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May3MonBooth University College’s graduating classes virtually step out into the world. May 3, 2021 by Ken Ramstead
In pre-COVID times, this past April 25 would have seen Knox United Church in Winnipeg filled with Booth University College graduates gathered for the 2021 Spring Convocation and Conferring of Degrees. Faculty and invited guests would have been in the front rows, while family and friends would crowd the rest of the building, all the while being serenaded by a Salvation Army band. The pomp and circumstance would have been memorable as the graduates walked up to receive their hard-earned diplomas.
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But as with so much else around the world, this past year’s pandemic has changed how Booth UC operates, with any sort of large in-house gatherings simply out of the question, not to mention so many students quarantining at home.
Nevertheless, it was still a day of celebration and festivities as a virtual convocation was held instead. The 2020 graduates were also celebrated, as there had not been the opportunity to prepare a virtual convocation last year.
“This is a convocation unlike any other that we’ve held in the 39-year history of Booth University College,” explained Dr. Donald Burke, formerly interim president. “To the graduates, on behalf of everyone at Booth, I want to congratulate you for your success.”
A Celebration of Excellence
After the invocation of the ceremony by the chancellor of Booth UC, Commissioner Floyd Tidd, Dr. Michael Boyce, Booth UC vice-president academic and dean, bestowed the rare academic rank of professor emeritus and professor emerita to Dr. Roy Jeal and Bonnie Bryant, respectively, after years of service.
“Booth University College has never given this rank until now,” said Dr. Boyce. “But today we recognize two recently retired professors who have made considerable contributions to Booth University College and to the lives of their many students.”
Professor Bonnie Bryant of the social work program, who retired last April, “worked tirelessly to build the reputation of the program and to ensure the success of its many graduates,” said Dr. Boyce. “She’s been a role model and mentor for her colleagues, a cheerleader and an ambassador for the institution and a respected figure within the world of social work in Winnipeg and the province of Manitoba.”
Upon arriving at Booth UC, Dr. Jeal “established a reputation as a passionate educator and an internationally respected scholar of biblical studies,” continued Dr. Boyce. “In the classroom, Roy has shaped the minds of generations of students, including many Salvation Army officers, instilling in them a love for the gospel of Jesus Christ and an intellectually mature faith.”
Changing the World
“We made it!” declared class valedictorian Japhlet Lolo.
“Today, we have achieved a great milestone that will leave an unwavering mark on our hearts. I would not have asked to be a part of any other class other than the graduands of 2021.”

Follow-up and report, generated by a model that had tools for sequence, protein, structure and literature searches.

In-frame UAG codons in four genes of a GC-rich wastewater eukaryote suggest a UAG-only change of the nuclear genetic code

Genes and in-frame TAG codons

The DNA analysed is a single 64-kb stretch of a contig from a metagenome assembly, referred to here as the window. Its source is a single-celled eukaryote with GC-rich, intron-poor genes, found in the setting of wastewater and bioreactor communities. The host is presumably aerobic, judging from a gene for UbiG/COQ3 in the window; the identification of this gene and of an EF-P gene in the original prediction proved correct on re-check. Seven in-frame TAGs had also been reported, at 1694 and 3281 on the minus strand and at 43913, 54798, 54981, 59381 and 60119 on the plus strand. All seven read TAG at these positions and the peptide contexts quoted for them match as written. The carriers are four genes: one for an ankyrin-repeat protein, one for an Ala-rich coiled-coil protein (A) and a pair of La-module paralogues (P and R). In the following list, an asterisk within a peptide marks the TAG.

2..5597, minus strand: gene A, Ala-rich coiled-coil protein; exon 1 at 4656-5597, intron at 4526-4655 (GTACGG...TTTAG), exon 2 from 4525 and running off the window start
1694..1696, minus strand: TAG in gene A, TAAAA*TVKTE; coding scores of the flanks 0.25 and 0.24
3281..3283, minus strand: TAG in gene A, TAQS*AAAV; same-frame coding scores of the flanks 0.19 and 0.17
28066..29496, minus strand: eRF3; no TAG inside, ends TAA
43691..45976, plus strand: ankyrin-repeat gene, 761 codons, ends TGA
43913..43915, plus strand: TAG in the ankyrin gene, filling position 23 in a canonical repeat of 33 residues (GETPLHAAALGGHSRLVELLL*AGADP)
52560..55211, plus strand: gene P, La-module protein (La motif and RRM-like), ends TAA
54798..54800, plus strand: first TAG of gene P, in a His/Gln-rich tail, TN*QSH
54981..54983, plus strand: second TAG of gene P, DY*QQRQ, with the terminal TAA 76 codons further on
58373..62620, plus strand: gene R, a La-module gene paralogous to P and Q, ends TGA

Lolo likened his fellow students as a representation of the lessons learned from forests, which are made of unique trees, with different trunks, different sizes and fruits. “Despite these differences, the trees form a beautiful forest site.
“The graduating class of 2021 has co-existed together for the last four years, despite our differences.” he continued. “When we entered the doors of Booth University College, we came in with different lived experiences, different beliefs, from different ethnicities, some of us fresh from high school, some of us parents and mature students. Despite these variances, we co-existed and became a community and, for some, family as well.”
In conclusion, Lolo quoted Nelson Mandela: “Education is the most powerful weapon which you can use to change the world.”
“That is exactly what Booth University College has given us, an education for a better world. We might take different paths and aspirations in life, but as graduates of Booth University College, our goal is to be active contributors to society. Nothing can stop us from chasing our dreams and changing the world.”
Goodness in Action
After Brig.-Gen. Linda Colwell, the retiring chair of Booth UC’s Board of Trustees, provided the scripture reading for the day, Dr. Burke introduced Commissioner M. Christine MacMillan, who was conferred an honorary doctor of laws degree, the first to receive such an honour in the history of Booth UC.
The convocation and conferring of degrees followed, and a total of 162 students graduated with either a diploma, certificate or degree as they move beyond Booth UC to the next stage of their journey. Of special note was the awarding of the Chancellor’s Medal to Joshwill Tampai and the General’s Medal to Lieutenant Kassie Cain.
“We pray that out of their lives would flow service, love and compassion in a world that desperately needs to see God’s goodness in action,” concluded Dr. Cynthia Sottie, associate professor of social work, in a prayer of dedication to the graduating classes.